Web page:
This month, I’m involved in a special project commissioned by the Massachusetts state humanities agency: publishing three very different perspectives on choreographer Bill T. Jones’ Serenade/The Proposition, the first work he did for Abraham Lincoln’s bicentennial. I first saw the work soon after its premiere, in 2008. Jacob’s Pillow will be presenting the company in the work July 21-25 and I’ve invited two novice dance critics to respond: John Stauffer, a historian of the Civil War from Harvard, and Miriam Ornstein, a Boston-area child psychiatrist who will be attending with her 11-year old dancer daughter and her senior citizen mother.
The complete coverage will be on the Arts Fuse page; read the section under “Judicial Review” for details on our experiment in arts criticism.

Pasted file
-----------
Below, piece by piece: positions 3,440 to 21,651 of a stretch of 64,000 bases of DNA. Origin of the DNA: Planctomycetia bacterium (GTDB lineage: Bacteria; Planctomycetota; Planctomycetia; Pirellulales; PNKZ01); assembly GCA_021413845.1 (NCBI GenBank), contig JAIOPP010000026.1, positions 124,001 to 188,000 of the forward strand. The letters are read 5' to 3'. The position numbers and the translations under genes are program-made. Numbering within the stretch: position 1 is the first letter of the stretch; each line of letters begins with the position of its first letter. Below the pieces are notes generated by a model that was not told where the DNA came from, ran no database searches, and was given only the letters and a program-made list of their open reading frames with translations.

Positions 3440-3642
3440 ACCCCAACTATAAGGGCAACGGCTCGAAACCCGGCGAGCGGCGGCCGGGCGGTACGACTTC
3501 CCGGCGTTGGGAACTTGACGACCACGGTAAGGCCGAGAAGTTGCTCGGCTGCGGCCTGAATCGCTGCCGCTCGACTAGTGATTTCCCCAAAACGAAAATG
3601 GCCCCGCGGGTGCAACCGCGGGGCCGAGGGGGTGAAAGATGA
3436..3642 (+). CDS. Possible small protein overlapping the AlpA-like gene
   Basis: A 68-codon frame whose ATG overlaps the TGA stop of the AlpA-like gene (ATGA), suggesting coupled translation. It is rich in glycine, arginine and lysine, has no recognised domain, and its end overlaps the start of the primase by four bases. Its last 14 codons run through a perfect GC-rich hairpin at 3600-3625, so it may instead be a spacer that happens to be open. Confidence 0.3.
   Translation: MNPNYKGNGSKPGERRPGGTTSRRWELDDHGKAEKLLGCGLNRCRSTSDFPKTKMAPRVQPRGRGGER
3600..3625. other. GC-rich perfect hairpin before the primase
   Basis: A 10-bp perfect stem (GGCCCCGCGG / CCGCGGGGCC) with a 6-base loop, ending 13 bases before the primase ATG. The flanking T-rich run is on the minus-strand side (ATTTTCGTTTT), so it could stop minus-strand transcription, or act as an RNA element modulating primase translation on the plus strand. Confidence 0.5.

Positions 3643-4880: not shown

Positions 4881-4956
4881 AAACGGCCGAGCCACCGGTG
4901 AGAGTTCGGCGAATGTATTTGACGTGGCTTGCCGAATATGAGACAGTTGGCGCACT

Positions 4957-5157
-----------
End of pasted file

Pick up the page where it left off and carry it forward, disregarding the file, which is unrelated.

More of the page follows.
I’m gratified that I was able to do something I only occasionally was able to do when I worked for NPR’s much-missed WBUR Online Arts blog — link to clips of the work I am describing. This is of course thanks to Bill T. Jones and his collaborator, video artist Janet Wong, who have been forward-thinking about making Bill’s work available across media platforms.
Think about what happens in a volume of art history when the text is juxtaposed to a color plate of the painting under discussion: good, right? This, I’m convinced, is the shape of the multimedia arts criticism to come, incorporating “fair use” excerpts of work we want to engage with, across disciplines.
Language is still a worthy accompaniment: if I do my job right, it will whet the appetite of audiences who are exposed the work from afar, but I’m even more excited at the possibility of using the combination of literary description and analysis with video elements to help audiences experience the work in front of them more deeply.